President Obama, speaking to interviewer Steve Kroft, of CBS News, and later speaking to a gathering of the press through White House Press Secretary Jay Carney, has announced a decision not to reveal to the press, or to the American public the photographs of terrorist Osama bin Laden, killed this week in Pakistan. The president also announced that he would not allow the public to see photos or videos of bin Laden’s burial at sea which, we are told, was done for a number of reasons, including the statement that “no nation would accept the body for burial,” and the assertion, somewhat baseless according to experts, that such a burial was consistent with Muslim tradition and respect for the dead. The refusal to release all photos and videos was deemed an effort to avoid the arousal of more intense hatred of the free world by the terrorist community.
Clearly, Muslim sensitivities have some merit, but we live in a world with a free press and we, as American victims of bin Laden’s destruction, have legitimate questions and concerns for closure. We were told repeatedly that the death photos reveal a man shot in the forehead; that is what we believed and accepted. We are not to express concern that the man was brought to death by a team of Navy Seals, armed with the most modern weapons and devices available, this in spite of the fact, as we were also told, bin Laden was not armed and was shot in the presence of wives and sons. Clearly, a live capture and a trial would be preferable to a brutal death and burial at sea. The burial at sea does not appear to have been authorized by anyone in the White House. We can only wonder from whom the order came. At the televised press conference March 4, the press secretary unintentionally misspoke, revealing that bin Laden may have been actually shot in the face; in Carney’s words, bin Laden was shot “above the neck.”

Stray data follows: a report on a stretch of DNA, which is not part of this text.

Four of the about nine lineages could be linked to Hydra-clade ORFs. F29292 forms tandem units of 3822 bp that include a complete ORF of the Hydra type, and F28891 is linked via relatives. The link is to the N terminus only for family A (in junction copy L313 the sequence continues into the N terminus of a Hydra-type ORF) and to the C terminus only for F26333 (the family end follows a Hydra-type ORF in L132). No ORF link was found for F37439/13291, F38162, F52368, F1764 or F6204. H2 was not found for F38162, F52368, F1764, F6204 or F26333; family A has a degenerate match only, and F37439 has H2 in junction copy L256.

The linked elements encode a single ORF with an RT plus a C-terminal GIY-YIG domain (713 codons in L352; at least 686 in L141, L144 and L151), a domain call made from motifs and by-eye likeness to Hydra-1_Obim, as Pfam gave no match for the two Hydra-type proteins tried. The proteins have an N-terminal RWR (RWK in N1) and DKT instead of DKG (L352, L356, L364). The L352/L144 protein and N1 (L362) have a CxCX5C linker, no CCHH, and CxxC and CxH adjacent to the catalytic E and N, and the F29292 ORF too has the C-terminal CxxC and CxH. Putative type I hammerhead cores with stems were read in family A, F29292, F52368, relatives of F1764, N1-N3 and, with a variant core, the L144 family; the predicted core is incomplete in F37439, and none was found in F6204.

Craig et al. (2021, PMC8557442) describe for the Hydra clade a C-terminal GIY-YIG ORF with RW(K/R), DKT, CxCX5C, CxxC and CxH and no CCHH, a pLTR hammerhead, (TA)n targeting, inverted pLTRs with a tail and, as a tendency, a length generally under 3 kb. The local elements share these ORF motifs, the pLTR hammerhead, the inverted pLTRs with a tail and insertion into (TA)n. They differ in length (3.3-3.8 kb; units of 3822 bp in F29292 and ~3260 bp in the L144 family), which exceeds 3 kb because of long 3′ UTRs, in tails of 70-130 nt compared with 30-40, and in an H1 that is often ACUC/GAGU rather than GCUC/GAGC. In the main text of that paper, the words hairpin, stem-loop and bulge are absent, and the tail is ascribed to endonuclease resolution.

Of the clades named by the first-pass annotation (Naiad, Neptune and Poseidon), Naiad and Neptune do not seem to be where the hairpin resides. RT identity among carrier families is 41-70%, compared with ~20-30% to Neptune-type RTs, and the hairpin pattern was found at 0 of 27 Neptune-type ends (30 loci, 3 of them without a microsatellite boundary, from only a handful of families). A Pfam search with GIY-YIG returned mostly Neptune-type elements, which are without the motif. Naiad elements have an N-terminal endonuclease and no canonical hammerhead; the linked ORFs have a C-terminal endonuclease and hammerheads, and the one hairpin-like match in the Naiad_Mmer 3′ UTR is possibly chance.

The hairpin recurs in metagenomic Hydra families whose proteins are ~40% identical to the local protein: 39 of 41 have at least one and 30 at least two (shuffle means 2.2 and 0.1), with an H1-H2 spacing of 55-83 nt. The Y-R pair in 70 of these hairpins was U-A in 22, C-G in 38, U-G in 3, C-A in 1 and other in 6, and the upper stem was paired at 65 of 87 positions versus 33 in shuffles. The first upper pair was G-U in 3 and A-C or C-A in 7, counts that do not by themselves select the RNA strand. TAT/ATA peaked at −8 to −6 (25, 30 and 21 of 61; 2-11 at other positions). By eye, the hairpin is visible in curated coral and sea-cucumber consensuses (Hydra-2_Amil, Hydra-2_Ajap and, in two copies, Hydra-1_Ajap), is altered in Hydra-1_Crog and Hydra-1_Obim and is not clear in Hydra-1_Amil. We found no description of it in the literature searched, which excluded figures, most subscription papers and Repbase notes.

Looking at this affair objectively, we find it difficult not to have concerns and questions. What took place within that compound in Pakistan? Why wasn’t bin Laden captured and held for trial? Why was bin Laden shot simply on the strength of facial recognition? Why are we told in a mutter that there was some technical comparison recognition with photos from the past conducted at the scene, when there clearly was no time for such evidence to be developed?
The president also has announced that the DNA evidence, the final proof that the subject indeed was the master terrorist bin Laden, will not be available for scrutiny. That absence amounts nearly to an obstruction of sorts. Would a display of DNA evidence be in some matter disrespectful, or inflammatory?
In view of many questions, I believe that the people of the United States have some right to closure. I don’t rate the sensitivities of the terrorist community so highly as to overshadow our legitimate concerns. I doubt if I’m the only citizen with a diverging opinion. I believe there should be some outcry, and some demand for some or all of the related evidence in this incident to be made more readily available. While I have no doubt that bin Laden is dead, and with the assurance that if he is alive he surely will surface at some future time, to the discredit of our president and his staff, I hope for some demand from Americans and the global population for additional closure, as would be attained by the timely release of some or all of these materials.